Catholic Health Australia's Chief Executive Officer, Suzanne Greenwood, welcomed the release of the report into the Administration of the Medical Specialist Training Program (STP) by the Australian National Audit Office on 10 March 2015. CHA urgs the government to continue funding this program.
4 February 2015
Catholic Health Australia Chief Executive Officer, Mrs Suzanne Greenwood, says that the Government's announcement today of multidisciplinary 'Severe Behaviour Response Teams' providing expert advice to residential aged care facilities as the response to last year's axing of the Dementia and Behaviour Supplement will be useful for some facilities but does not provide a comprehensive response.
2015 Promises to be a vibrant and innovative year for CHA. This month, we are launching a new weekly e-newsletter - with the same valuable information in a new reader-friendly format. Click here to subscribe!
Later this month, we host an afternoon with Dr Larry O'Connell, President and CEO of the Ministry Leadership Centre in California, USA. For details about this exciting leader formation event on 20 January 2015 click here to download the flyer.
Key events happening in early 2015 include the Aged Care Forum on 19 March, the Contemorary Catholic Governance Conference on 30/31 March, and from 5 to 7 May will be the Mission Leaders Forum, the Ethics Education Seminar and the Pastoral Care Forum.
The Catholic Health Australia Stewardship Board has reached a unanimous decision to appoint a former medico-legal lawyer and Catholic hospital and aged care executive as the new Catholic Health Australia chief executive officer, following an extensive executive search process.
Suzanne Greenwood, the current national chief executive officer of the Institute of Arbitrators & Mediators Australia, will commence as the Catholic Health Australia CEO in October. Currently based in Queensland, Mrs Greenwood will move with her husband and two children to Canberra to take up the CHA role.
Older Australians living with dementia and severe behavioural and psychological symptoms are at risk of receiving a lower quality of care after the Assistant Social Services Minister Mitch Fifield announced the Government is scrapping the Dementia and Severe Behaviours Supplement.
Mr Fifield said a projected 10-fold overspend in the first year of the Supplement has made its continuation unaffordable, but the timing of the announcement couldn't be worse, Catholic Health Australia argues.
After more than six years of service, Catholic Health Australia chief executive officer Martin Laverty will depart the organisation following his appointment as chief executive of the Royal Flying Doctor Service of Australia.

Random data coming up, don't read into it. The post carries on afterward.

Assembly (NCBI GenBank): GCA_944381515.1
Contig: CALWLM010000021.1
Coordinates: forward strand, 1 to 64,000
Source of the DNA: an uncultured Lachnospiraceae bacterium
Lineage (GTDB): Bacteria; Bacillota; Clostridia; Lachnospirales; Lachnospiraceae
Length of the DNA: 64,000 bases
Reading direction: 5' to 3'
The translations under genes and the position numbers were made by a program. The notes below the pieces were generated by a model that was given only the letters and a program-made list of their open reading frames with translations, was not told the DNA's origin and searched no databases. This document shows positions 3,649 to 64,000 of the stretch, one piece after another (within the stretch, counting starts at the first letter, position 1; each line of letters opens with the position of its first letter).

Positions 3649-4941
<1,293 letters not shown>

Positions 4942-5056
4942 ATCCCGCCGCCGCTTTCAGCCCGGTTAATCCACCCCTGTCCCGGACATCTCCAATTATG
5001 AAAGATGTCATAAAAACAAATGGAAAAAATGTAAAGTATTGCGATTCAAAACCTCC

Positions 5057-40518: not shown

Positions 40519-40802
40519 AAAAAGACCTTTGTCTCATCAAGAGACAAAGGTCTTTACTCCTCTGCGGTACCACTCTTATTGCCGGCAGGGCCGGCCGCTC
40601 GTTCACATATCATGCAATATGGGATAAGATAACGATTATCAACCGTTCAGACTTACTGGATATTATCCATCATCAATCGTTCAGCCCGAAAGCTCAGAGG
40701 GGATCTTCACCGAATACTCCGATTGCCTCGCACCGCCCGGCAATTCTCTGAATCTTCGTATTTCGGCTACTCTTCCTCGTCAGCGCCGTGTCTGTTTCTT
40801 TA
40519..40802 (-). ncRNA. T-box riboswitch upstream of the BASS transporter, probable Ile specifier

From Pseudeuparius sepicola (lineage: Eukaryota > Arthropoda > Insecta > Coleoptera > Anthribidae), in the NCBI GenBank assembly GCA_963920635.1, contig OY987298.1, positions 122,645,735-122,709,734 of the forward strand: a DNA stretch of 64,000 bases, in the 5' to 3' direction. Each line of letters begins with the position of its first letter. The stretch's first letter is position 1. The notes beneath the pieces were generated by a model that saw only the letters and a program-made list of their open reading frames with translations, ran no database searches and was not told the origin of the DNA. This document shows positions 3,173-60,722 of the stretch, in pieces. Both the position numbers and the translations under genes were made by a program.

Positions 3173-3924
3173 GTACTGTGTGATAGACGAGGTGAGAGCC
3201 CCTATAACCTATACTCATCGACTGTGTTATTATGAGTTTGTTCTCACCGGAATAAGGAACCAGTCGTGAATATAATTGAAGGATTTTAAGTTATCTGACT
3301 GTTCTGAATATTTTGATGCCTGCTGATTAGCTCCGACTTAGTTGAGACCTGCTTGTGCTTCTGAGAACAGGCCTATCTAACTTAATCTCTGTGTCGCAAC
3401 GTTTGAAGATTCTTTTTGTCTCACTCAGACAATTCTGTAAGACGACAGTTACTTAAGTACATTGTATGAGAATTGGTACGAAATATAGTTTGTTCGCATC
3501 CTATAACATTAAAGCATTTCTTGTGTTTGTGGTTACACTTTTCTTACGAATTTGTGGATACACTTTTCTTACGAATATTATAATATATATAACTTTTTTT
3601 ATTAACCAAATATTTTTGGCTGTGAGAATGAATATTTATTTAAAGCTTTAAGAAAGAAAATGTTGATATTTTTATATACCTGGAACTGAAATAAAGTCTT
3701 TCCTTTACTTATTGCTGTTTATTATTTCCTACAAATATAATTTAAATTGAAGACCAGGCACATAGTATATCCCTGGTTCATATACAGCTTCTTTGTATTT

CHA Stewardship Board chair Rowena McNally said while sorry to see Mr Laverty leave, she was grateful for his leadership contribution and wished him every success in his future career.
"Martin has led CHA expertly, with political and media savvy, and always with an eye to the best interests of those who are cared for in Catholic hospitals and aged care services," Ms McNally said.
Catholic Health Australia Stewardship Board chair Rowena McNally has congratulated Richard Gray, one of the country's leading aged care advocates for more than 20 years, for his "very fitting" inclusion in the 2014 Queen's Birthday honours list.
Mr Gray, who joined Catholic Health Australia in 1996 as director of aged care services, was today named a member of the Order of Australia for "significant service to the community in the not-for-profit aged care and disability service sectors".
Health care co-payments announced in tonight's 2014-15 Federal Budget should be monitored to ensure they do not result in adverse health outcomes for socioeconomically disadvantaged Australians.
Catholic Health Australia, representing the nation's largest network of public and private not-for-profit hospitals, said ongoing monitoring of the new $7 health care co-payments for GP visits, pathology and diagnostic imaging will help avoid a drop in health care outcomes.
The decision of the Commission of Audit to make the case for advanced care directives has been questioned by the nation's largest network of non-government health and aged care services.
Catholic Health Australia, which today in partnership with the Australian Catholic Bishops Conference (ACBC) released an Advance Care Plan framework, said the Commission's terms of reference on "scope, efficiency and functions of government" made discussion on end-of-life care appear out of place.
The nation's largest network of non-government health and aged care services has backed the Commission of Audit's recommendation for the Health Minister to lead a 12-month review process to agree actions for the reform of Australia's health care system.
Catholic Health Australia CEO Martin Laverty, speaking on behalf of Catholic not-for-profit health and aged care services who care for one in 10 Australians in a hospital and aged care service, said there is urgent need for new health reform.